How much do you know about furniture design? I didn’t know much, but top-notch American furniture designer, Nolen Niu, took the time to chat with me all about his design projects, and what’s it like to direct a team of problem solvers and creators everyday.
Nolen is an industrial designer and founder of Nolen Niu Inc. a custom furniture design and fabrication firm in Los Angeles. Niu also lent his expertise this year on Spike TV’s first-ever furniture design competition show, Framework.
We spoke about his love for charcuterie, his all-time favorite limited edition liquor, and how he sustains each day only eating one meal.
What inspires you when you’re creating a furniture line?
It might sound strange, but I do a lot of research within the fashion and automotive industry. I look to cars for their proportion and styling, and fashion for their use of color and textiles. Those two industries go hand and hand with furniture because furniture is this very fashionable, personal item that expresses our individuality within our home.
Cool. When you’re not busy designing what do you like to order when you’re out?
I’d definitely have charcuterie, cheese, and olives. I typically drink Merlot; that’s the bulk of what I drink. If not I would have Rioja or Tempranillo. I love reds.
What if you were having fish for dinner?
You know, I don’t follow that rule too closely because I’m not so into white wine. I love red and Prosecco. Maybe it’s because I’m not as versed in white, and typically when I drink white it’s too dry for me, even though I do like that it’s cooler in temperature.
Do you have a favorite liquor?
I am a big fan of this tequila made by José Cuervo; it’s called de la Familia. It tastes like a really well-aged scotch. Every year they release a limited run of these collector bottles and commission Mexican artists to paint the unique packaging. I’ve been avidly collecting this tequila for the last six years. I actually always buy two; I leave one unopened and then I drink one.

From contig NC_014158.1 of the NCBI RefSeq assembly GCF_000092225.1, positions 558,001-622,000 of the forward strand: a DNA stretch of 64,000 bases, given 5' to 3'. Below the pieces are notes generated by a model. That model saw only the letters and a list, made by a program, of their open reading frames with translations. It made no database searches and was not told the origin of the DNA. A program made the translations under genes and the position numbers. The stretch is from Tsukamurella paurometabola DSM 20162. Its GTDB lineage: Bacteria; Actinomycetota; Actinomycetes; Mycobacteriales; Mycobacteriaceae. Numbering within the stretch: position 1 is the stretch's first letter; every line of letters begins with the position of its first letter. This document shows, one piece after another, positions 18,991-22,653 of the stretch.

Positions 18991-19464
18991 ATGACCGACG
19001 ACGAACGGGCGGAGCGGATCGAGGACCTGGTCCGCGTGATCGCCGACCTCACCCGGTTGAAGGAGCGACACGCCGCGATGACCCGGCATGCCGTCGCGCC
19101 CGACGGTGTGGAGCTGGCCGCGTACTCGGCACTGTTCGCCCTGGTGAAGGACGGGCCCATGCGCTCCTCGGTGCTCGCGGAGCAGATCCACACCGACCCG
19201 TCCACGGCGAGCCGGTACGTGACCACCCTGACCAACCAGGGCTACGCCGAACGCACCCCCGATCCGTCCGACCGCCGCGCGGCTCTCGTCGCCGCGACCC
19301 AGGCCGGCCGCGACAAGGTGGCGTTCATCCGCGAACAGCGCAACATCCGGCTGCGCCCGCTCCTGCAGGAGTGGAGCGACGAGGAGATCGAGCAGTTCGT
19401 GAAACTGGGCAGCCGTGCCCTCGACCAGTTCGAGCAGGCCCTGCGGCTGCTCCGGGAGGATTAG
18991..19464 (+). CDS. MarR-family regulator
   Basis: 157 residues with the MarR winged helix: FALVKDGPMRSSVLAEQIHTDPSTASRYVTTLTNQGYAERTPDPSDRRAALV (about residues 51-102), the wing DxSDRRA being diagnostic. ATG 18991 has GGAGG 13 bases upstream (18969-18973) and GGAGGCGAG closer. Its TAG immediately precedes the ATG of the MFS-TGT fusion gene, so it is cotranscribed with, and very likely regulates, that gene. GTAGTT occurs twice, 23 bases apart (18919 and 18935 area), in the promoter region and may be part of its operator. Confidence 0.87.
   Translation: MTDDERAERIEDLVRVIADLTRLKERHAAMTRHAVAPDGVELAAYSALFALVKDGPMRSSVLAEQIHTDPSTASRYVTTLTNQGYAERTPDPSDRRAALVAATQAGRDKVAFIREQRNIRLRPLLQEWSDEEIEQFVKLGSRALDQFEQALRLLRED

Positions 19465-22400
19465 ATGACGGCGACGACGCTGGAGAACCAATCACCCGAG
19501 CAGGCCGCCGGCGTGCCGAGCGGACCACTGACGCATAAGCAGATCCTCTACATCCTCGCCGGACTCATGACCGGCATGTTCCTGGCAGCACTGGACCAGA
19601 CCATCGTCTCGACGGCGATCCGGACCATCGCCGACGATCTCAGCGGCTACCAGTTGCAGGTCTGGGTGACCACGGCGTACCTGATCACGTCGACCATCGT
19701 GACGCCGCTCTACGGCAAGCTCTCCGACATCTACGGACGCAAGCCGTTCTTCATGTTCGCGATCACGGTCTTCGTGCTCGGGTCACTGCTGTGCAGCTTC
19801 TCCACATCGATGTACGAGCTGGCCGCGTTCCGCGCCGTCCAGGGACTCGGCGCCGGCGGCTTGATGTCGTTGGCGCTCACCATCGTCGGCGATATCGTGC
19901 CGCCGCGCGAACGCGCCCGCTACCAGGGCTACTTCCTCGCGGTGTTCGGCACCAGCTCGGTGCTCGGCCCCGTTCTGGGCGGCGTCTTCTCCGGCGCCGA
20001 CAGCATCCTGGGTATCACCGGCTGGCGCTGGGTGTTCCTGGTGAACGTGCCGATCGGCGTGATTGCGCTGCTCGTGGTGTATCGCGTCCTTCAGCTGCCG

Smart guy. Are you a big collector in general?
Yes. I collect watches—and not even super expensive watches, more on the specialty side. If I travel and find a watch that’s really cool I’ll collect that. I actually have one of the very first digital camera watches from Casio. It’s a wrist camera with a stainless steel band that I got back in 2001.
I imagine it was very futuristic at the time! How was it to work as judge on SPIKE TV’s design show, Framework?
The TV show experience was fantastic, and being a judge was a real treat! It was my first time doing something like this, and it was a completely different experience outside of what I do from day-to-day. Contestants have it much harder than we do because they are thrown into a new environment with strangers in this house under pressure to create. We’re just there to give insight and critiques. It was made in 10 weeks and was very fast-paced, but definitely one of the most fun experiences I’ve ever had.
Did you and co-judge Common spark a friendship?
Yes, he is honestly one of the most humble and genuine people I’ve ever met. He’s extremely polite, and one of the few people I’ve enjoyed meeting and getting to know better.
That’s fantastic. Take me through a typical day, starting with your morning routine.
I wake up, shower, get my iced Americano, and drive to work, which is five minutes away. I actually don’t eat breakfast or lunch. I have one meal a day, which is dinner.
Sounds like a model’s life. How do you sustain the day? Do you drink juice or something?
No, usually water. I don’t really get hungry because I’m so busy in general. At night is when I can relax and enjoy myself. And I’ll always have meat and cheeses with some wine.
What’s a day at work like for you?
Everyday is different. I think in life, people view issues that arise as issues and I would say that in my daily scenarios there are definitely problems, but it’s about the way we approach the issue. I always see problems for the solution and view it from a problem solving perspective. Especially when you own and run a shop — nothing ever goes right.
Got it. And lastly, what is your clientele like? Do people commission a line for their home; do people come in and just buy one piece?
Yes, it definitely runs the gamut. I have some clients who see things that they like, but they need it so speak to their own individuality. Some people want furniture tailor-made like a suit to fit their space. I also have hotel and restaurant projects; right now we’re in the middle of designing all the furniture for a new nightclub in West Hollywood. It’s a small project, but its fun and gives us a chance to be completely vertical, which is the whole notion of why I started the shop in the first place. We like to be able to design, and then after that, actually manufacture the furniture.